Normal concrete surface defects caused by water movement.

The laborer using a concrete vibrator usually may not realize that vibrator motor horsepower and head diameter vary greatly from one manufacturer to another. The same vibrator model can vary from 11,000 vpm to 17,000 vpm and will change frequencies dependent on the concrete consistency, frustrating operators who are trying to vibrate variable concrete mixes with a variable vibrating tool. Adding insult to injury, after stripping the forms, concrete structures that were pumped may end up needing to be patched, chipped and patched, or torn out. And, most of the time, a vibrator operator is blamed for poor consolidation results, when they have no control over the tool. 

Controlled Vibrator Application at Pre-construction Trials

 

Upon the stripping of forms, what may look to a contractor like air pockets from under-vibrated concrete are usually pockets of separated available water from over vibration of pumpable concrete mixes. Studies on the effects of water movement from high frequency vibration (above 10,000 vpm) are in the initial stages but show that available water is moved by vibrator frequency. The question is what effect frequency has on the concrete structure’s surfaces, both in strength and in permeability.

Chipped and patched concrete.

There are several CFVs in the commercial space that are being used for both in-house and field trials. At preconstruction trials for constructability, vibrators that are controlled and range from 10,000 vpm down to 6,000 vpm are being used to find better vibrator compatibility. CFVs that can be manually set at a controlled frequency or operated by a cellphone or tablet are setting compatible speeds for construction. Researchers can look at load curves through the Bluetooth feature of one manufacturer’s CFV flex shaft models and evaluate the concrete mix.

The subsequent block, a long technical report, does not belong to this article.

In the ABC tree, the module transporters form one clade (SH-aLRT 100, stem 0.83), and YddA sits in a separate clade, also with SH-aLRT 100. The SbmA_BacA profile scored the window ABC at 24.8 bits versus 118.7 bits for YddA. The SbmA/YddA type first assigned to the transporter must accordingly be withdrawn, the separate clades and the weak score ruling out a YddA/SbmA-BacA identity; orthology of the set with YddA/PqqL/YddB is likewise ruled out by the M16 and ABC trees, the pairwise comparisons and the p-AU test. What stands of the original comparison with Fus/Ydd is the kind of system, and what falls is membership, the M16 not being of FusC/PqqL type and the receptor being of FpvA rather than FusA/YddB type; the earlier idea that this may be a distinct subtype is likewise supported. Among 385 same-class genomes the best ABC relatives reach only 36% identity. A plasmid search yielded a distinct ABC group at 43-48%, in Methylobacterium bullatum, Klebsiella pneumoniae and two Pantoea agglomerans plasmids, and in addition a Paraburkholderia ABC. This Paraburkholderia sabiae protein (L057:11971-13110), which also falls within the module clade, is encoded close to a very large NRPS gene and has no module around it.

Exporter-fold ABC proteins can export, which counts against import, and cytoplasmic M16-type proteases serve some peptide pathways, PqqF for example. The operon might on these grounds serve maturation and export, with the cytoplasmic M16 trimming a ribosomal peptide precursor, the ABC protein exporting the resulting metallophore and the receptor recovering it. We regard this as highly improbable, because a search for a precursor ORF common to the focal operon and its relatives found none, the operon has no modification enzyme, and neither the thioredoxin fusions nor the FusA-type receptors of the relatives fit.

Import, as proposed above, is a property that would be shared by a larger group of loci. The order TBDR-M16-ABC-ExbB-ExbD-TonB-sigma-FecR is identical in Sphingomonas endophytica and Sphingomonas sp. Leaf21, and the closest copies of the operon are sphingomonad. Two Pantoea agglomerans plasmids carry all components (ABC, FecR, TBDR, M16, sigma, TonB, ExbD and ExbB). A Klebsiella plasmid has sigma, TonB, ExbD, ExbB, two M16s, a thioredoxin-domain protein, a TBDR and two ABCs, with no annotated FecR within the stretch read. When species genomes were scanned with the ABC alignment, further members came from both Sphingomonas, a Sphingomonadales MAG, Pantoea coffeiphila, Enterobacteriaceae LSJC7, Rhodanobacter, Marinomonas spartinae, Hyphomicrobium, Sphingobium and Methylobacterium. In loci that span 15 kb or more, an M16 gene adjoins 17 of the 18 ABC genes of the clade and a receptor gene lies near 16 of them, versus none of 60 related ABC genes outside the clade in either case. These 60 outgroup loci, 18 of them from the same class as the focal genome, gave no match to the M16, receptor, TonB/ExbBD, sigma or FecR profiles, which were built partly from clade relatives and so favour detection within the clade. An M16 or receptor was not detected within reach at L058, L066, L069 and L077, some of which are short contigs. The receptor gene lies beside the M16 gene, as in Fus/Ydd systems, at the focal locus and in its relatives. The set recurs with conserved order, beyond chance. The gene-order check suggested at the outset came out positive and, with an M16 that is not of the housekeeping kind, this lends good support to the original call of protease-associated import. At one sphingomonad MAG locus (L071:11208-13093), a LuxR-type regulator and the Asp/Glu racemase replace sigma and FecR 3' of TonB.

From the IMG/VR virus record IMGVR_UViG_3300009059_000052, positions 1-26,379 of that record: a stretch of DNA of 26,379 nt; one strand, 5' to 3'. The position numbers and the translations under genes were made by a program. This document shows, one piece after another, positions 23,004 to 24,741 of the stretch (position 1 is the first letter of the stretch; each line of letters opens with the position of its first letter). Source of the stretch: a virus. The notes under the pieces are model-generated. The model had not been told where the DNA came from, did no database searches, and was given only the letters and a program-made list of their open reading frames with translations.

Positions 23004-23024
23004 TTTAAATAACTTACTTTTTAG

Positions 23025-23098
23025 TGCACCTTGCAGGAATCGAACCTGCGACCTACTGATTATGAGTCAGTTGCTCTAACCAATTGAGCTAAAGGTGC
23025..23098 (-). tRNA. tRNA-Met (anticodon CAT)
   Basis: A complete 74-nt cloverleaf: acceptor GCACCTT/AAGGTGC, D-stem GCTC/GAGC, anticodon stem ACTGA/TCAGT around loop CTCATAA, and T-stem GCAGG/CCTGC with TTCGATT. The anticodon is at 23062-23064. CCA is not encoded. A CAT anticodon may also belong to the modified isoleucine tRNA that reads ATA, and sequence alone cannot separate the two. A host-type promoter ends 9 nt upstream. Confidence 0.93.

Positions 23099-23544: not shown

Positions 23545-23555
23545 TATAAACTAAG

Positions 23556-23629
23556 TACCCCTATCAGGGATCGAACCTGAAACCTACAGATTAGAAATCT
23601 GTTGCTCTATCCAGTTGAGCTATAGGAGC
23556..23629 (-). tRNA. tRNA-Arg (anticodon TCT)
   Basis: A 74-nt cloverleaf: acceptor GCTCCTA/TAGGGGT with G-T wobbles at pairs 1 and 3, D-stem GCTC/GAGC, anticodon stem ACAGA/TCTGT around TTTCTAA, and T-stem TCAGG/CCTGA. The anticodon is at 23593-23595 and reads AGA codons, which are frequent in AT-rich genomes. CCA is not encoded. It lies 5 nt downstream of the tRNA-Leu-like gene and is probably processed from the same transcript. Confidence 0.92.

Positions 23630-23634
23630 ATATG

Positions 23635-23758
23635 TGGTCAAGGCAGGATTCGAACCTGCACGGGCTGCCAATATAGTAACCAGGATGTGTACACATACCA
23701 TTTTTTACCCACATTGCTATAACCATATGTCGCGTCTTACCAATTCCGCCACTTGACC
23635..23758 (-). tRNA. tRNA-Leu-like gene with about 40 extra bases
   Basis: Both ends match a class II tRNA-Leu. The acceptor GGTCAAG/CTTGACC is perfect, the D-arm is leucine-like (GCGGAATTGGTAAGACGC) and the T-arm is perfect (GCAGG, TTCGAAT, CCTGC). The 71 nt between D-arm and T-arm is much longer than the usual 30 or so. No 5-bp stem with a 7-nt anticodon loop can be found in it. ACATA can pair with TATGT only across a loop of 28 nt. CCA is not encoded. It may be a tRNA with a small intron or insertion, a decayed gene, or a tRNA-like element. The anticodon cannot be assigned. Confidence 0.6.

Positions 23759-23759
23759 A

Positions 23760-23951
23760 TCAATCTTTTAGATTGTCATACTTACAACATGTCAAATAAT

Concrete surface defects with water staining.

Much like in concrete paving, because the dynamics of the CFV are controlled, there are inconsistencies in batching behaviors. In early trials, a significant distinction between batch uniformity and vibration has been observed, and the amount of water in retempered concrete, or in concrete with added water and chemical reducers, alters the vibrator/mix compatibility target.

In pavement concrete mixes, batching practices and vibration are regulated. Although perfection is not guaranteed 100% of the time, when a CFV operator knows what the vibrator delivers every time, they can begin to look elsewhere in attempts to limit the effects of vibration on concrete form surfaces. 

One thing is certain in the research that has come from preconstruction trials: Vibrator operators can’t use the same vibrator frequencies for 8-inch slump pavement mixes that they can on those that are 4 inches. More importantly, they certainly can’t solve surface defect issues with a tool that behaves differently every time the concrete mix changes. With consideration of these findings, operators have the chance to gain better control and better outcomes.